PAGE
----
MANILA, Philippines – Motherhood, as they say, is the most terrible and most wonderful experience. For first-time moms, it can be full of anxiety and pressure – thinking about whether you’ll be able to raise your child properly. (READ: A new mom’s thoughts on postpartum depression)
It has become the advocacy of Nadine Angelica Gadia Casiño, founder of Modern Nanays of Mindanao (MNM), to not let any mother be alone in their journey.
The 27-year-old young mom of two kids from Cagayan de Oro City was the reason behind the 11,000-member mothers’ support group in Mindanao.
Modern Nanays of Mindanao advocates for natural infant and young child care which she believes is sustainable and is the best foundation for the child’s lifelong health.
Today, Modern Nanays of Mindanao has expanded from Cagayan de Oro City to nearby towns in Iligan and Bukidnon.
An empowered woman
Nadine is a professional care provider. Prior to founding Modern Nanays of Mindanao, she earned her degree in Nursing from Xavier University – Ateneo de Cagayan and became a registered nurse in 2010.
She defines a woman as a “giver of life” that is made to bear mental, physical, and emotional stress “no man can ever bear.” Although innately strong, mighty, and limitless – sometimes, she said, a woman’s full potential is not reached because opportunities are taken away by life itself.
Nadine became a mom in 2012 to her first child Raelene Cerise. She pursued her Master’s degree in Nursing Science concurrently at the Liceo de Cayagan University.
Becoming a mom did not stop her from earning her degree. In fact, she wore her child to school persistently.
Baby wearing as a practice is nothing new. Traditionally in the Philippines, the practice of baby-wearing usually employs the use traditional malong fabric into a baby sling for easier carriage.
After she graduated that same year, she founded Modern Nanays of Mindanao. When asked about the reason she founded the organization, she said: “…to empower women, and to make more superwomen.”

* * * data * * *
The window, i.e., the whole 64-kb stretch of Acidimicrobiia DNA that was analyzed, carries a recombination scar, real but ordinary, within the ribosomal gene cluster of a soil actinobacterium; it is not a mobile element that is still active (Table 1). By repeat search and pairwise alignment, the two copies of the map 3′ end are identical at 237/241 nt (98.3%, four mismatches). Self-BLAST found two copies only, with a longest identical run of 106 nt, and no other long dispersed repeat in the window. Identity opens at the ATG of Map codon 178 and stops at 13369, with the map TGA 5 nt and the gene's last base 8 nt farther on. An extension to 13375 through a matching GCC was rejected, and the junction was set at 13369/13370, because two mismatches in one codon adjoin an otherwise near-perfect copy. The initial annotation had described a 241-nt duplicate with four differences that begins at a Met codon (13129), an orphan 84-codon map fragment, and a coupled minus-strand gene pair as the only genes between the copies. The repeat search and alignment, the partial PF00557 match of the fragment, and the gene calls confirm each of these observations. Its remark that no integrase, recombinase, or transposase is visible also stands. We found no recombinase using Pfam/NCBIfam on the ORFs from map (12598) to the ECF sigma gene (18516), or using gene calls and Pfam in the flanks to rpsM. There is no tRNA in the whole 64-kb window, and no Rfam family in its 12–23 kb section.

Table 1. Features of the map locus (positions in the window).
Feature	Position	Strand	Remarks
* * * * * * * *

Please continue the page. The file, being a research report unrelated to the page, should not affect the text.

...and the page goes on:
Mom for moms
Admittedly, the force that drove the conception of Modern Nanays of Mindanao are her close friends – Meg and Maple. When they were new mothers, she felt the need for support – knowing what activities and things might be risky for their babies’ health.
“We started as a group of friends from college… We all gave birth at the same time so we shared experiences with each other. We found something special with the kind of support we got,” she said.
As a young mother, she believed in natural child care – where the mother and the child to stays together at all times. But ultimately, she founded Modern Nanays of Mindanao to support mothers by helping them find their own identity as a mom.
“When you become a mom, you become a new person. What would you want to be as a mom? How can you be that mom? We help them find a reference from the community and share values,” she explained.
Through groups they call tribes, mothers share best practices focusing on 3 key child care practices: breastfeeding, babywearing, and cloth-diapering – answers to a baby’s need for mother’s milk, warmth, and undivided presence.
A woman of action
For Nadine, a woman is “neither defined by how well she cooks nor by how clean their home is, a woman is defined by how she is different.”
In her early days leading Modern Nanays of Mindanao, conforming to being the “normal mother” one could expect was a struggle for her. Gathering support from the local government was also a huge endeavor as they were skeptical regarding her group, as she was a young mom at the age of 22.
Despite setbacks, Modern Nanays of Mindanao was active during the time of Marawi siege on serving those affected by the crisis. For more than months, relief packs such as noodles and canned goods kept coming but without any items meant to attend needs of babies and mothers.
As mothers, it was apt for the group to crowsource and distribute malong care packs – composed of toiletries, sanitary pads, baby wipes, baby clothes, and baby diapers.
For her outstanding leadership work with the Modern Nanays of Mindanao, Nadine was recognized as one of Department of Tourism’s Women of Significance last year.
“When you do things well and from the heart, people will see it… you will stand out. You can’t dim a light that is shining,” she said.
She hopes that her work can inspire more women to love being a mother, and being a woman. – Rappler.com
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